Plexi_glass_pannels

The 2018 Capitol Christmas Tree is being transported in a special shipping container constructed with Plexiglas panels on the sides, so visitors can catch a “sneak peak” of the tree at events celebrating its journey from the Sweet Home Ranger District on the Willamette National Forest in Oregon to Washington D.C. USDA Forest Service photo by Joanie Schmidgall. (Nov. 5, 2018)

The next order of business was wrapping the tree.  The tree needs to be boxed for its 3,000 mile journey to protect it from the weather.  A local mill was kind enough to donate a dry warehouse for the wrapping. A large “bladder bag” was placed at the trunk of the tree so that it has water along the way.  It even has a heater so that it does not freeze. Bright red panels were placed on the truck one by one until the entire tree was boxed up.  Plexiglas panels at the back end of the truck allow people to see the top twenty feet of the beautiful Oregon noble fir tree.  The visible part is decorated with lights and a sample of the 10,000 ornaments hand made by the people of Oregon to decorate the tree in Washington D.C.

A bladder bag is fitted at the base of the 2018 Capitol Christmas Tree to help keep the tree hydrated during its cross-country journey

This “bladder bag” will be filled with water help keep the 2018 Capitol Christmas Tree fresh-looking and green during it’s month-long journey to Washington D.C. You can cut your own Christmas tree on National Forests! Contact a Visitor Center or Ranger Station for your local forest to learn more about the agency’s Christmas Tree permit program. Permits cost $5; trailhead, day-use, or Sno-Park permits may also be required at some locations. A Christmas Tree cutting permit is available at no cost to 4th graders who’ve requested their free, interagency public lands access pass through the Every Kid in a Park program – for details, visit https://everykidinapark.gov/USDA Forest Service photo by Joanie Schmidgall (Nov. 5, 2018)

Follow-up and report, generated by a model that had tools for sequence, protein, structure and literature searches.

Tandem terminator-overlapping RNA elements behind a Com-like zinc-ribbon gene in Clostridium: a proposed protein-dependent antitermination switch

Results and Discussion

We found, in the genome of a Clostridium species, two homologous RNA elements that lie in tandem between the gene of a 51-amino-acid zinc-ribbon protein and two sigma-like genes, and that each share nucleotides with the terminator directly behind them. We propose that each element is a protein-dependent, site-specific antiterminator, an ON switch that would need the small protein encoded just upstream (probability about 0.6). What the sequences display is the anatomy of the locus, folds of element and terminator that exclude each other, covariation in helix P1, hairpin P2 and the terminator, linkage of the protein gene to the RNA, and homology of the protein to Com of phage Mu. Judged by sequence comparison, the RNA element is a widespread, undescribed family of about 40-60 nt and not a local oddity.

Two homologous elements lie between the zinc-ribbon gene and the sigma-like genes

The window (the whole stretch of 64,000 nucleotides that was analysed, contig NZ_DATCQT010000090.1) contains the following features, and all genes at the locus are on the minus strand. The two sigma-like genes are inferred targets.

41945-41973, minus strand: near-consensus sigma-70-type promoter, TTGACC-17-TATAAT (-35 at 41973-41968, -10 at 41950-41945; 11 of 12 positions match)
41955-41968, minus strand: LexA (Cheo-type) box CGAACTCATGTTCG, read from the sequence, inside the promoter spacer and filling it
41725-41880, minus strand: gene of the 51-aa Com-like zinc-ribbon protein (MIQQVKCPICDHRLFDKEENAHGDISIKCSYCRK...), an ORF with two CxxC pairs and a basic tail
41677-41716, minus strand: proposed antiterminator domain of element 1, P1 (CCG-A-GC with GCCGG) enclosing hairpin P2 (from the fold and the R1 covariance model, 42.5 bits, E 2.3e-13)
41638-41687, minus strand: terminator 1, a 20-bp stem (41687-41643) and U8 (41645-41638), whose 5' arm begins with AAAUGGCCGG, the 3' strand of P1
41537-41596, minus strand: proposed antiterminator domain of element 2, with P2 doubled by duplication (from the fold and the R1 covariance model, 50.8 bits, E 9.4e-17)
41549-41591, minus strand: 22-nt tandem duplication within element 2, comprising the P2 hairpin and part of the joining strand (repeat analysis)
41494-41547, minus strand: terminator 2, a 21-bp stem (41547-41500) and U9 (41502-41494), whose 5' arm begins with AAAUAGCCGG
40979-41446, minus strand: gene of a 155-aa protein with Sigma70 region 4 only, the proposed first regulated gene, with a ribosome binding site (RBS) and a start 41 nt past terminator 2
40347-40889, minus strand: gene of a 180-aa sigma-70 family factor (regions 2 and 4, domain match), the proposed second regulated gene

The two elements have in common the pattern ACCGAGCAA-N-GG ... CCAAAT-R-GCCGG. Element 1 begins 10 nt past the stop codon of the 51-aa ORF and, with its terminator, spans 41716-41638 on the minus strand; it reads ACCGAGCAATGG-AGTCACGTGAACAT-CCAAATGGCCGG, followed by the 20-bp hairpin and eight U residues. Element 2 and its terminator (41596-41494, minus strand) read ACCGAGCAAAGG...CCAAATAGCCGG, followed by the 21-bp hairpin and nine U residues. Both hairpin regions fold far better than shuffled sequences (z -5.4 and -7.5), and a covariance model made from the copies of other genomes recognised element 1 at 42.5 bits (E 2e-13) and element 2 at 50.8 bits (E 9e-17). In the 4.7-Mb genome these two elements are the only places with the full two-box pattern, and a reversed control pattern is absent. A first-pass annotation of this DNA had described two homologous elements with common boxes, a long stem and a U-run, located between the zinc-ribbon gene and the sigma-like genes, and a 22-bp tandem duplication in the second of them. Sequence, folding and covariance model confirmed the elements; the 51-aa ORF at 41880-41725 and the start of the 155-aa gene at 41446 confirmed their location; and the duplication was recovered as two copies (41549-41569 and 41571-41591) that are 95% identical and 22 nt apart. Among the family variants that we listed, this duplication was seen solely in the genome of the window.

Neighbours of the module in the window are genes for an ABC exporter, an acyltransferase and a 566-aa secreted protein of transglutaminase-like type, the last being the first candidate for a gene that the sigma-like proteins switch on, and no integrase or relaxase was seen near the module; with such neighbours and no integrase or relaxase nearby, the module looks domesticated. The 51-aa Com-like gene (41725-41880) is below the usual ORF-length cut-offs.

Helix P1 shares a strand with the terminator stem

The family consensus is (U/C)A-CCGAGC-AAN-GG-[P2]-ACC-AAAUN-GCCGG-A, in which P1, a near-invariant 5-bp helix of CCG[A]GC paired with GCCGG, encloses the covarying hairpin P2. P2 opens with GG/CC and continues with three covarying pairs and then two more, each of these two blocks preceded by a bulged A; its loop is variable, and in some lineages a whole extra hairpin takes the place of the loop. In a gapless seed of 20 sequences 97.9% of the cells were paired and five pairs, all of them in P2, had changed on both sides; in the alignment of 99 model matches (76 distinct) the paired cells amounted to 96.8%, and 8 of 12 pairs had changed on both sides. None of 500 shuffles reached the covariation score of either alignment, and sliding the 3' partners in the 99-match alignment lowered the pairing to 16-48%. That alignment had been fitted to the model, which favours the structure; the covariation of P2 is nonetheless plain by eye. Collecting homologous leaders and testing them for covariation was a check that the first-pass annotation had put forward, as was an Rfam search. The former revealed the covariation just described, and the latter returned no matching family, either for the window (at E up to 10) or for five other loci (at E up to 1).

Banners are placed on the sides of the truck thanking all of the people and businesses that have helped with the U.S. Capitol Christmas tree.  None of this would have been possible without the help of SO MANY people in Oregon and across the Nation.  The unity and helpfulness I have seen bring tears of joy and gratitude to my eyes. From many of the stories I have read, the Oregon pioneers had a similar experience along the Oregon Trail with strangers helping strangers and becoming friends along the way.  As we travel across the Country there will be many stops so that people can sign the banners, a giant card to accompany this gift from the people of Oregon to the people of the United States of America. I hope to see many of you again, in person, along the Oregon Trail at the numerous public events along the way!

The adventure begins Friday, Nov. 9. There are many ways to virtually join the tour: follow our journey at TrackTheTree.com for near-real time tracking of our precious cargo, check out this daily travel blog, learn more about the places we’re visiting on the Forest Service story map, and visit the U.S. Capitol Christmas Tree website http://www.capitolchristmastree.com/ and on Facebook, Twitter and Instagram.

Questions can be emailed to capitolchristmastree2018@gmail.com, and I will answer them as soon as I can.

Nikki Swanson
District Ranger, Sweet Home Ranger District
Willamette National Forest

District Ranger Nikki Swanson, Sweet Home Ranger District.

District Ranger Nikki Swanson, Sweet Home Ranger District, Willamette National Forest, delivers remarks at the 2018 Capitol Christmas Tree cutting Nov. 2, 2018. Photo by James Edward Mills of The Joy Trip Project.

A walk on the wild side: Exploring the forest with your dog

A German Shepard poses against the view after a hike to a mountain ridge.

It’s a bright cool morning when a hiker arrives at the trailhead with great anticipation. The trail ahead is lined with huge trees towering over the cerulean sky. The only thing that could possibly make the experience better, for many recreation users, is to have their canine best friend along for the adventure.

Dogs are welcome in most areas throughout our National Forests, but there are some simple guidelines we ask dog owners to follow to ensure the safety and enjoyment of all who use these great public resources, including their furry friends.

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The underlying rule for people bringing their dogs into “developed recreation” sites — that means areas designated as trail heads, campgrounds, parking lots, interpretive trails, visitor centers, and so on — is that dogs need to be a leash six feet in length or shorter, or restrained in some other way, such as a crate or carrying case.

In most other forest areas— including areas of trails beyond the trailhead or outside a developed recreation area — there are typically no leash requirements.